When PM Modi announced that Rs with the denomination of 500/- and 1000/- would cease to be the legal tender from 9th of Nov, the whole country was stunned. This decision caused sensation in the whole country. What we have today at the end this period is evidence about how the cash hoarding habits of Indian housewives had brought to light. Which every women all over the country who had spent years accumulating cash, that they had saved for themselves from household budgets. The worst sufferers of this move, however, were the middle and lower class family of the country. So here, we would talk about some matters that had been come up during this period.

1. Streedhan:
The word Streedhan is composed of two words: Stree (woman) and Dhan (Property). Therefore on combining these two words, we get ‘property of woman’ her ‘Streedhan’. This is a concept, which came down all the centuries from the Hindu Smritis but has today, engulfed all forms of marriages in all visible castes and regions. Furthermore there is no provision under Income Tax for Streedhan and is just used for the protection of property that is possessed by a woman.
As per The Supreme Court of India:
“A Hindu married woman is the absolute owner of her Streedhan property and can deal with it in any manner she likes and, even if it is placed in the custody of her husband or her in-laws they would be deemed to be trustees and bound to return the same if and when demanded by her”.
Sources of Streedhan:
• From her father, mother, husband, brother, father-in law and mother-in-law out of love and affection.
• By her maternal uncle and relative etc. at the time of marriage in presence of nuptial fire.
• By the cousins and relatives of her parents.
• From the side of bride-groom prior to marriage towards duty.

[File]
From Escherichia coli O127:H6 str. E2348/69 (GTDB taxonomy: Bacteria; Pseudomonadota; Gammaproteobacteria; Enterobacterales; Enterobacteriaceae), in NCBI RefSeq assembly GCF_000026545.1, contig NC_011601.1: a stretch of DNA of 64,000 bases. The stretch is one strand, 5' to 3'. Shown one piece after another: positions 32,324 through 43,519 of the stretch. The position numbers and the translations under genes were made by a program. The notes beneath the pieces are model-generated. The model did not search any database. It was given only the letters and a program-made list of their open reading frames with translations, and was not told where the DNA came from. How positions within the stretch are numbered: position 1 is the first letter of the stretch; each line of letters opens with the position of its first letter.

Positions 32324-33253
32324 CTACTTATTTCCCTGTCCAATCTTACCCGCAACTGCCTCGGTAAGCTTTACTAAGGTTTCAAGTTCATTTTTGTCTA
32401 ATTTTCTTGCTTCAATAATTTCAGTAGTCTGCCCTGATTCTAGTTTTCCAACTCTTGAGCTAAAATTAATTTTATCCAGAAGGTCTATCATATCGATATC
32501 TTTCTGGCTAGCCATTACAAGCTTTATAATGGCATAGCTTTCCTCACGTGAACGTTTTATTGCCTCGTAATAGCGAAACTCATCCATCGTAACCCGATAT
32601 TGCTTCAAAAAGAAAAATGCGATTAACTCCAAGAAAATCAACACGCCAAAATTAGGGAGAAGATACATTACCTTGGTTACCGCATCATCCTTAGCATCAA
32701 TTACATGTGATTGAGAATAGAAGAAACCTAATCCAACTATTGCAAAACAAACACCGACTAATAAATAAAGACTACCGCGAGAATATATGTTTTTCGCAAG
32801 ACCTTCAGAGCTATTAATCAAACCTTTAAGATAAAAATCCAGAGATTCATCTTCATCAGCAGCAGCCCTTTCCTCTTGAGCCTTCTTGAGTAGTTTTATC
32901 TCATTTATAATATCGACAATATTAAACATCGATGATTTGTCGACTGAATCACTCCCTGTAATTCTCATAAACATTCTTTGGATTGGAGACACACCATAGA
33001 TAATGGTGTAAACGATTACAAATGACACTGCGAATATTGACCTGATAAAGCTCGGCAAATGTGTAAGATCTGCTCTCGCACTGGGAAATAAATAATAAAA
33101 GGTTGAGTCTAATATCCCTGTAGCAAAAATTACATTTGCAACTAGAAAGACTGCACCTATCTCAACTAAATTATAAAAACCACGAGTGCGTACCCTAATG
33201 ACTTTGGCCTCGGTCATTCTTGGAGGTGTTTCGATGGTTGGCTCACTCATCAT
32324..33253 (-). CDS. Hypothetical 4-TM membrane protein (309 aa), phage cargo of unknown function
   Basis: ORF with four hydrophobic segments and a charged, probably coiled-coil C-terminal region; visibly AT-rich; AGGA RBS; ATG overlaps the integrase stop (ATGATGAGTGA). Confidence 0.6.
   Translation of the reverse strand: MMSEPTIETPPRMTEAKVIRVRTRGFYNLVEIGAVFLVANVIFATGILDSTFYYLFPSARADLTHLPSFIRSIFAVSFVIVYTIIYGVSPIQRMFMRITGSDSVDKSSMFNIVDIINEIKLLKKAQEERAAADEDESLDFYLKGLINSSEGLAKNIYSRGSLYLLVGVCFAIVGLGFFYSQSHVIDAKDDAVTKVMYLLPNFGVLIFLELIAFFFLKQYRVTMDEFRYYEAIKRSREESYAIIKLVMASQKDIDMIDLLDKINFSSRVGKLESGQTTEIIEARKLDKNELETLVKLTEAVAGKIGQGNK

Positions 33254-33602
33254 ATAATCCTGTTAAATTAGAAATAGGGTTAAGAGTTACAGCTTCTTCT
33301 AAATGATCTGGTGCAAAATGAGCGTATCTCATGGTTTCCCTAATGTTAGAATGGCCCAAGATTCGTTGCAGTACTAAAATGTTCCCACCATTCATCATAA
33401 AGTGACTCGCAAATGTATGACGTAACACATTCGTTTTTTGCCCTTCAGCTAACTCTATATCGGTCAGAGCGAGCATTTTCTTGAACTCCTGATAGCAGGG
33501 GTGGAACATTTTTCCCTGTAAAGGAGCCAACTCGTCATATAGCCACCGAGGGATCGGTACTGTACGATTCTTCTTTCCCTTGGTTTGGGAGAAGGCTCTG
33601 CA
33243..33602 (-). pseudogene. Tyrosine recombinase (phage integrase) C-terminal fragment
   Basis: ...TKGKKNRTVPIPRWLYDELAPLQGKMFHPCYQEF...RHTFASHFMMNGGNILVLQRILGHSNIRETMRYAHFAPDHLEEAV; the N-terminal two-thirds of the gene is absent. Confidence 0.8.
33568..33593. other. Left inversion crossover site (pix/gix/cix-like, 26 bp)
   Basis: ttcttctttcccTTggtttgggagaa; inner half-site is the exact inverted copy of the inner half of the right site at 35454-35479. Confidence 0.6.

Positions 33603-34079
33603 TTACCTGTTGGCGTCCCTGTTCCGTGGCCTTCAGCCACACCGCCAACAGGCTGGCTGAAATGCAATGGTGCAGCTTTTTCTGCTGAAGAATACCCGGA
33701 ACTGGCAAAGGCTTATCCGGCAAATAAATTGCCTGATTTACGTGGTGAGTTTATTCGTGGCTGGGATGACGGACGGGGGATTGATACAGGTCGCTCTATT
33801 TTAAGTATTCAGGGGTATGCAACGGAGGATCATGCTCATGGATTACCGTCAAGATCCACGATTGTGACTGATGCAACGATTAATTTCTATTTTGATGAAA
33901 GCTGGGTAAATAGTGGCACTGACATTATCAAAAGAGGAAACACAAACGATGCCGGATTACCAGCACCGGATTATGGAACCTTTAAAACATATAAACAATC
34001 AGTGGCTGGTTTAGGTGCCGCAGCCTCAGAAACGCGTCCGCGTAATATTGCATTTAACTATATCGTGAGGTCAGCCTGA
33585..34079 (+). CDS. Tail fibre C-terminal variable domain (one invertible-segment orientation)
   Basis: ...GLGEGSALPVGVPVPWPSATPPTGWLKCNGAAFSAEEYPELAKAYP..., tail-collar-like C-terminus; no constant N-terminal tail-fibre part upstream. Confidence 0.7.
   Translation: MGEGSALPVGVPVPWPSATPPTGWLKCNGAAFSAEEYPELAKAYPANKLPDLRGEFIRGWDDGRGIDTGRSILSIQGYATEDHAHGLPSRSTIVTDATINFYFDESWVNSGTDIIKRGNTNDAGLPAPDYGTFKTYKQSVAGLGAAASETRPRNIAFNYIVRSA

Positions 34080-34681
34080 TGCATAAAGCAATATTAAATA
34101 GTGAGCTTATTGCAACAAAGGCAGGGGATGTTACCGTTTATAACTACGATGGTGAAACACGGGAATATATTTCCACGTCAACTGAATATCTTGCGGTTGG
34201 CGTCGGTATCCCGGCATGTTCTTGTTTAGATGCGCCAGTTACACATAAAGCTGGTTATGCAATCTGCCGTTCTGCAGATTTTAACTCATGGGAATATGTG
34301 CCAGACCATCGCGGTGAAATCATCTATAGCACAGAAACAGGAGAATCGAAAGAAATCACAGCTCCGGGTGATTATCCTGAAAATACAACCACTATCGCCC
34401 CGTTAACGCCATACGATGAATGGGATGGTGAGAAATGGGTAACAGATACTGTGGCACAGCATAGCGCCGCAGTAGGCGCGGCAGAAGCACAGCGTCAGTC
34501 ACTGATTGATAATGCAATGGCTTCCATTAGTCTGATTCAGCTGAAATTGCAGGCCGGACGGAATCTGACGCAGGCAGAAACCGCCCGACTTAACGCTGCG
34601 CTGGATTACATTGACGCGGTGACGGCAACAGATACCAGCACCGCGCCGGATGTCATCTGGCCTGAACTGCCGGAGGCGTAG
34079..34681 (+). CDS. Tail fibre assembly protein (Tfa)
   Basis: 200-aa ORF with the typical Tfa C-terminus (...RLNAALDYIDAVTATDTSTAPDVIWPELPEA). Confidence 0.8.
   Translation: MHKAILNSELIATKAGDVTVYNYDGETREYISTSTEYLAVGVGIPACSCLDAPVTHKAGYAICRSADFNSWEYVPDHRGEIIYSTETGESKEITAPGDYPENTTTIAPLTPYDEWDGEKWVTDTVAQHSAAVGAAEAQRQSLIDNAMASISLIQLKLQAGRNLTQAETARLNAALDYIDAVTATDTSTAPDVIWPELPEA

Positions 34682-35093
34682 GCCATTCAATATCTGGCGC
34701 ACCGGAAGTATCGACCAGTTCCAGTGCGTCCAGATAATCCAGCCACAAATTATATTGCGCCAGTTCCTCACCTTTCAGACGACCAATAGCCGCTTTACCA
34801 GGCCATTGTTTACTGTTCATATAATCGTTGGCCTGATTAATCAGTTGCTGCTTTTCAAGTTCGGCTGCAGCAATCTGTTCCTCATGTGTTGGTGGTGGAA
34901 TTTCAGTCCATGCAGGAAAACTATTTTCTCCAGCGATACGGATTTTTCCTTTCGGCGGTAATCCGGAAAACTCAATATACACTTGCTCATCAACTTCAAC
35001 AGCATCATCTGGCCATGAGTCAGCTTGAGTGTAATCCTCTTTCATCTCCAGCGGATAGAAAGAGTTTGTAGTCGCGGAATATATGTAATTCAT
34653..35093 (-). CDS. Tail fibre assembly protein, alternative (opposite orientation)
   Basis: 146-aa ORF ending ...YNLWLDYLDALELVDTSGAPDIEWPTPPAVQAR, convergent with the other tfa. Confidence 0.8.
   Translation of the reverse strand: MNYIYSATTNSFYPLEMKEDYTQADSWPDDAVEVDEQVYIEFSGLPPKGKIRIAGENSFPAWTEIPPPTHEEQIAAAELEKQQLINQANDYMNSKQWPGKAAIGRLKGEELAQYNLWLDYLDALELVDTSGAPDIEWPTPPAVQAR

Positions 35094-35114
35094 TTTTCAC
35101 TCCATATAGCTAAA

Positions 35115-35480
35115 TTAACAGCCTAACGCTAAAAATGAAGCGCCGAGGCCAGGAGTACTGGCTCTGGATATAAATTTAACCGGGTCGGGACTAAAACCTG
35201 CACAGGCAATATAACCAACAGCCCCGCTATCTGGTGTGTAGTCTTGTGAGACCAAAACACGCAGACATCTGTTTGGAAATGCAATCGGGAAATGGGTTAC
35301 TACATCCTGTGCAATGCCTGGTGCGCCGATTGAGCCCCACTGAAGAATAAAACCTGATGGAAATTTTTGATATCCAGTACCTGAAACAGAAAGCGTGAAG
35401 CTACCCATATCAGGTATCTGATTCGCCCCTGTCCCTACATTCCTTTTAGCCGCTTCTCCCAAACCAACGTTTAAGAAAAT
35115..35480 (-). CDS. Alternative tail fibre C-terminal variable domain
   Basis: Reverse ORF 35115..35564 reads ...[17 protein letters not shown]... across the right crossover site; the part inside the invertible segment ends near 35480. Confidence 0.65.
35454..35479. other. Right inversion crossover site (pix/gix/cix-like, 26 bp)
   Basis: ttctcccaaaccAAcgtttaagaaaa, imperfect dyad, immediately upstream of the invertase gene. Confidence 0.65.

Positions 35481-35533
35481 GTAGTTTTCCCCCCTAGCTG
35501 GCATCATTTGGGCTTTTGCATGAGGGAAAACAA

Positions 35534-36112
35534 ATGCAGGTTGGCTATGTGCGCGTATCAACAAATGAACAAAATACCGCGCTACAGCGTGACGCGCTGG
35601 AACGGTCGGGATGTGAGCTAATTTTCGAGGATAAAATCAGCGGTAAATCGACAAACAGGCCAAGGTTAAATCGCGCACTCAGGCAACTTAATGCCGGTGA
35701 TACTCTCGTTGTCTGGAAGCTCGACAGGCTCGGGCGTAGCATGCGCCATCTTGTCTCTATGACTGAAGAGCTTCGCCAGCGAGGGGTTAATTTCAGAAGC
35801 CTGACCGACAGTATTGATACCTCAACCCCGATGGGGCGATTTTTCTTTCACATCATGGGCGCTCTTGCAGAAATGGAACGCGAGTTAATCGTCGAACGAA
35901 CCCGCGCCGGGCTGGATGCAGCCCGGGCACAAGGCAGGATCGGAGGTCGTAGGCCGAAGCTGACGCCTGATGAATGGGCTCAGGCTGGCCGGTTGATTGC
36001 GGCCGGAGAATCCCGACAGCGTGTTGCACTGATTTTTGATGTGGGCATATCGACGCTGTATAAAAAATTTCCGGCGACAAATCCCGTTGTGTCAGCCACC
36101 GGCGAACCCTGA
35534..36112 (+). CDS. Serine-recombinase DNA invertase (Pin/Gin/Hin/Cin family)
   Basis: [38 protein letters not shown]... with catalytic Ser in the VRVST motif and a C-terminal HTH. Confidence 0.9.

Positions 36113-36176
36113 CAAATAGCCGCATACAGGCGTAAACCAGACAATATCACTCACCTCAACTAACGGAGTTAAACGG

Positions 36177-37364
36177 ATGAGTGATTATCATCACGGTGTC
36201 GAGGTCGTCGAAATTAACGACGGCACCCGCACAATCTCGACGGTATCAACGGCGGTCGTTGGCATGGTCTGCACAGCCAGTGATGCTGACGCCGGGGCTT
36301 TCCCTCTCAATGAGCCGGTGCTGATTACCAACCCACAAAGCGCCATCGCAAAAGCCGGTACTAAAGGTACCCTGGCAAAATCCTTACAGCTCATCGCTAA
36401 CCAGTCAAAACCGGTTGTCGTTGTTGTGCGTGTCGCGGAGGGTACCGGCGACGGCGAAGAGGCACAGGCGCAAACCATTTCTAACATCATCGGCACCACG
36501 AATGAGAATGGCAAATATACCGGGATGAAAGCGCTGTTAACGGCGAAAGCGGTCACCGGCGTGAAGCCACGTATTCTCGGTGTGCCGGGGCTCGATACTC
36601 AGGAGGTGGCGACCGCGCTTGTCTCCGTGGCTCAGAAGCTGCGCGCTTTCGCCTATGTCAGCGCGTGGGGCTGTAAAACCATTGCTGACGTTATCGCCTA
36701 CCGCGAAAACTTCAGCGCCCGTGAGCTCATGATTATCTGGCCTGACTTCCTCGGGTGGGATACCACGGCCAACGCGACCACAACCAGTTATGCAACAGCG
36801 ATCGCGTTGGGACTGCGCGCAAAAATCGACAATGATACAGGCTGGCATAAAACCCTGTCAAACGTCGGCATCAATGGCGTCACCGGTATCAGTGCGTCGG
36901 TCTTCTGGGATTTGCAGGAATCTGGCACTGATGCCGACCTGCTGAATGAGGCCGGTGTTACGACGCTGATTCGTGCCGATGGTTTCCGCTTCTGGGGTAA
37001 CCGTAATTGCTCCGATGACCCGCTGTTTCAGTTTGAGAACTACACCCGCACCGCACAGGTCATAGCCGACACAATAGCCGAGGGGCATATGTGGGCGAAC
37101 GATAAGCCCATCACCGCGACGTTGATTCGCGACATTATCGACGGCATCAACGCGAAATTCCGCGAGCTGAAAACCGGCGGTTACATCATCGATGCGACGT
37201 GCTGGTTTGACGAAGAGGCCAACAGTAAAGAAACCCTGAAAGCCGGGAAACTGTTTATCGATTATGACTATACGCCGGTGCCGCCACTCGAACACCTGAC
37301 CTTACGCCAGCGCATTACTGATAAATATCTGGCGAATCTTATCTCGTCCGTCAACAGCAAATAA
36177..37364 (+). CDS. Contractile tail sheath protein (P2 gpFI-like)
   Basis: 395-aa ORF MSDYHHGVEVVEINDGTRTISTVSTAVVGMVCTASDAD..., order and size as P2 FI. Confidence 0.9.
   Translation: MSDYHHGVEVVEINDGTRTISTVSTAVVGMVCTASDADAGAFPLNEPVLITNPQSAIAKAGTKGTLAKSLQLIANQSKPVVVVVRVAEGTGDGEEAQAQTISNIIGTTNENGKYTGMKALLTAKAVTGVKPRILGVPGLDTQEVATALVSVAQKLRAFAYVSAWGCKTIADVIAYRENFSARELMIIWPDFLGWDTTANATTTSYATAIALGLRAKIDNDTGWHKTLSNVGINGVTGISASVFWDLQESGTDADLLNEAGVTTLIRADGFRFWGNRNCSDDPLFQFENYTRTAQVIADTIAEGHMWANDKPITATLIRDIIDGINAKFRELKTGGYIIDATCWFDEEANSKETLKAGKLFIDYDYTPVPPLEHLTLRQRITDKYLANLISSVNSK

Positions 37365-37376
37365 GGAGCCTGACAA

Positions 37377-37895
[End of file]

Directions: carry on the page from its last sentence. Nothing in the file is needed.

• Given at the time of her departure from her father’s house.
• By the father-in law or mother-in-law out of love and affection.

FAVORABLE JUDGEMENT- ITO Vs. SMT. PARWATI DEVI dated 06.10.1994 [92 Taxman 280]

“Section 69A of the Income-tax Act, 1961 – Unexplained money, etc. – Assessment year 1978-79 – Assessee made disclosure under Amnesty Scheme under Wealth-tax Act, 1957 but no return was filed under Income-tax Act – Assessing Officer initiated proceedings under section 147 – Assessee filed return of income in response to notice under section 148 – Assessing Officer concluded that entire wealth shown in wealth-tax return had been acquired by assessee during previous year relevant to assessment year 1978-79 – Assessee produced four affidavits regarding acquisition of wealth and explained that gold ornaments and silver utensils were received at time of her marriage and money declared was her ‘Streedhan’ – Commissioner (Appeals) accepted assessee’s plea – Whether assessee had duly discharged onus regarding acquisition of wealth and, therefore, in absence of any material with Assessing Officer to conclude that entire wealth had been acquired during previous year relevant to assessment year 1978-79, assessee’s explanation was rightly accepted by Commissioner (Appeals) – Held, yes”

Pin money is a term that dates from the 1500s and originally was used to mean the household money used to buy necessities. At that time, pin money was a substantial sum that was used for important purchases.

FAVORABLE JUDGEMENT: R.B.N.J Naidu vs. CIT dated 09.02.1955 [29 ITR 194]